Editorial: Road Work Ahead; N.H. Falls Further Behind
The good news is that New Hampshire’s transportation funding crisis is a very solvable problem. The bad news is that it was a very solvable problem earlier this year when the Legislature chose not to solve it. We suppose that as the deficiencies in the state’s transportation infrastructure become ever more glaring, the chances that the Legislature will take action will improve, but that’s not a promising management strategy for a system that requires planning and regular investment.
There’s no doubt that those shortcomings are becoming ever more difficult to ignore. As staff writer Ben Conarck reported last week, Lebanon has one of the largest inventories of bridges in need of attention among communities in the state. Of the 60 or so bridges in the city, 13 are on the state’s or city’s red list, a designation meaning they have known structural deficiencies. That doesn’t mean they’re considered unsafe, but a red-listed bridge requires heightened monitoring. It also means a greater likelihood of nasty surprises such as the one in 2008, when deterioration of the bridge linking West Lebanon and White River Junction suddenly required a lowering of its posted weight limit. Until a temporary bridge was put up, truckers were forced to use detours — not just creating unnecessary expense but also taking them into places where they weren’t wanted.
Lebanon’s bridge situation is just a symptom of the larger problem — too few funds to adequately maintain the state’s transportation network. State Transportation Commissioner Chris Clement forecasts that the highway fund will find itself $55 million short in 2016, and he is making contingency plans to lay off as many as 600 of his department’s 1,600 employees. The state is also scrambling to find the $250 million it needs to finish off the expansion of Interstate 93 in southern New Hampshire. Meanwhile, about 1,600 miles of New Hampshire roads are rated as in poor condition and about one-third of its bridges need repair or replacement.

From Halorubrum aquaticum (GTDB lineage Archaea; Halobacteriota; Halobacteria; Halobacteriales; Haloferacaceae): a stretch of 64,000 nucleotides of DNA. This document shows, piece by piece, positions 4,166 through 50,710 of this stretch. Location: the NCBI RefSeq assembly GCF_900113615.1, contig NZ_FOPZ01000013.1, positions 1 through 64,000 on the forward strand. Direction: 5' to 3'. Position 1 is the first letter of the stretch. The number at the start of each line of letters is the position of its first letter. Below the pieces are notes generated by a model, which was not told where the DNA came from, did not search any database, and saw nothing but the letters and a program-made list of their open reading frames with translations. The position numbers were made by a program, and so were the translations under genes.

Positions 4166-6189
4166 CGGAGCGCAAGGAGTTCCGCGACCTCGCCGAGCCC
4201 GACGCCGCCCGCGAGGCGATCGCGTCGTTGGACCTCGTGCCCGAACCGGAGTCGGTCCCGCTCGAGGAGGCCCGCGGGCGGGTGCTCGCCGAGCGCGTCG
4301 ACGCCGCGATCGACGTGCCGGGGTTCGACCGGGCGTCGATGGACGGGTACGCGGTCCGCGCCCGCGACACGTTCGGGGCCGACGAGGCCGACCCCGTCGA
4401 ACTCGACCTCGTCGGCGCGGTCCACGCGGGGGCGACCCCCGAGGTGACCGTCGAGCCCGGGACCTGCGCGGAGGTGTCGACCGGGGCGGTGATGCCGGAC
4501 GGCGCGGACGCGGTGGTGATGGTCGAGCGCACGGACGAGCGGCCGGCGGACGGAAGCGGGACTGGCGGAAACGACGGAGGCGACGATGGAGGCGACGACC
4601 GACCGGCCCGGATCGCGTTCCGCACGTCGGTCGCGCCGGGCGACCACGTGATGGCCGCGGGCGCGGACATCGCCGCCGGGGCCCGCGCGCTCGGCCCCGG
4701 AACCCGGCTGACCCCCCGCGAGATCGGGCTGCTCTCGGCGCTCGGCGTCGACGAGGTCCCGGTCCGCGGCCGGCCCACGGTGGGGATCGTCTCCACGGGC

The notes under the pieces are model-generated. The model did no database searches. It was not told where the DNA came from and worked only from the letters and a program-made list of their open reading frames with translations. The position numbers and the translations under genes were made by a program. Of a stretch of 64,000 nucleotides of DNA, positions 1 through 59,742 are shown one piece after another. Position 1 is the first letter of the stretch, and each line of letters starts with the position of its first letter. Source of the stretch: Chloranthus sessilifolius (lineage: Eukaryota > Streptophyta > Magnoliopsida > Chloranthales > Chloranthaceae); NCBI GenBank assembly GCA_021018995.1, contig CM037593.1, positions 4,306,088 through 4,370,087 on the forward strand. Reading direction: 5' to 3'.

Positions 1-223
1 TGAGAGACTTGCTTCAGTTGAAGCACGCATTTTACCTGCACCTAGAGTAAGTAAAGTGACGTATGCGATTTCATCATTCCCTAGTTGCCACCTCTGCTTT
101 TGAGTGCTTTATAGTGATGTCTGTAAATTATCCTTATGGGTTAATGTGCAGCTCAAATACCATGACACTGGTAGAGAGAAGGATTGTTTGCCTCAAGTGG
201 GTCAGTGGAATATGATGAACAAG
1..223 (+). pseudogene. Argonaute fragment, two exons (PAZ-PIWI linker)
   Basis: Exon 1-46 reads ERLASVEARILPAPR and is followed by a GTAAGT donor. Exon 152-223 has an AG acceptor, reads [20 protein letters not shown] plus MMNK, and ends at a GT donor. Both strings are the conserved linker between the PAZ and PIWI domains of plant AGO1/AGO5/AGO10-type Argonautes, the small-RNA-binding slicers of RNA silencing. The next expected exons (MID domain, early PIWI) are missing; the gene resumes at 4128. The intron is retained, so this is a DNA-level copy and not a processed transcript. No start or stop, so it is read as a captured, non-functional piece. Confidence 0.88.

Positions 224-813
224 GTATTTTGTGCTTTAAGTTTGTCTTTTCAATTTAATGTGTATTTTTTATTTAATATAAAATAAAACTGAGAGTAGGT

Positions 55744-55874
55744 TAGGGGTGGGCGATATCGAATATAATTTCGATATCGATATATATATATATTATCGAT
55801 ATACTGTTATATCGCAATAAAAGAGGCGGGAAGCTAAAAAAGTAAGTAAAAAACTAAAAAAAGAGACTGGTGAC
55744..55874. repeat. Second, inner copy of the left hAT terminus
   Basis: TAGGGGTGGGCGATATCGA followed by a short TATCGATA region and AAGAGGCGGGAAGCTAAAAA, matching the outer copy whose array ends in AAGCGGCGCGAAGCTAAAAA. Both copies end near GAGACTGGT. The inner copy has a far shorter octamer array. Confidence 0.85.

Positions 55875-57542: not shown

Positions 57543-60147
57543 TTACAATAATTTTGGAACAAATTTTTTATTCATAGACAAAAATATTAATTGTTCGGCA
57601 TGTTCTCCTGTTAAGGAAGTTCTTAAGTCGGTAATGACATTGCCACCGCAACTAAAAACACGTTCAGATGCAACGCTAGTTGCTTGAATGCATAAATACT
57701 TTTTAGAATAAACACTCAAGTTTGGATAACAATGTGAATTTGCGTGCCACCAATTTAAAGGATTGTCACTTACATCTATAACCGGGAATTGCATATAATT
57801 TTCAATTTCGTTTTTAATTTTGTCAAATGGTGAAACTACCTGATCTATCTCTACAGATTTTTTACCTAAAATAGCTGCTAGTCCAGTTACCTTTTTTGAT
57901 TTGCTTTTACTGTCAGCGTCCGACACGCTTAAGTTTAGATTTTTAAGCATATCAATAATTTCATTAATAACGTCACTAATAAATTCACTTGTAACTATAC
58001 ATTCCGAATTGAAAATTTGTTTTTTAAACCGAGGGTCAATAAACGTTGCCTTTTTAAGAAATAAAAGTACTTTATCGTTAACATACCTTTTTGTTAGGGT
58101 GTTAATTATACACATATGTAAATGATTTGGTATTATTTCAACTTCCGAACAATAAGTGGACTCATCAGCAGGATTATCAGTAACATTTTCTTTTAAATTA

The cause of the problem is no mystery. At 18 cents per gallon, New Hampshire’s gas tax is the lowest in New England. The Legislature’s refusal to increase the tax for more than 20 years amounts to a major cut in funding because the price of highway work has increased significantly.
Inadequate funding is hardly eye-popping news in New Hampshire, but this particular sort of penny-pinching is especially shortsighted. Bad roads and bridges don’t merely challenge the patience and sometimes threaten the safety of travelers, they also hamper economic development. What’s the sense of keeping taxes low as a way of attracting people and businesses to the state if those low taxes are contributing to an inadequate transportation system that’s driving them away?
In March, the House decided that it didn’t make much sense at all and passed a bill calling for a modest gas tax increase — 12 cents a gallon, to be phased in over three years. However, the Senate overwhelmingly rejected the measure, a defeat most observers interpreted as a retaliatory gesture in response to the House’s rejection of a Senate-passed casino bill.
Legislators interviewed by Conarck observed that a gas tax increase stands a better chance when lawmakers return next year. Considering that the need is obvious and that such a measure offers a straightforward way to have users of the transportation network pay for the increased cost of maintaining it, it should be an easy sell. Then again, there’s no guarantee that the state’s chronic case of tax-aversion or an acute attack of political gamesmanship won’t emerge as roadblocks.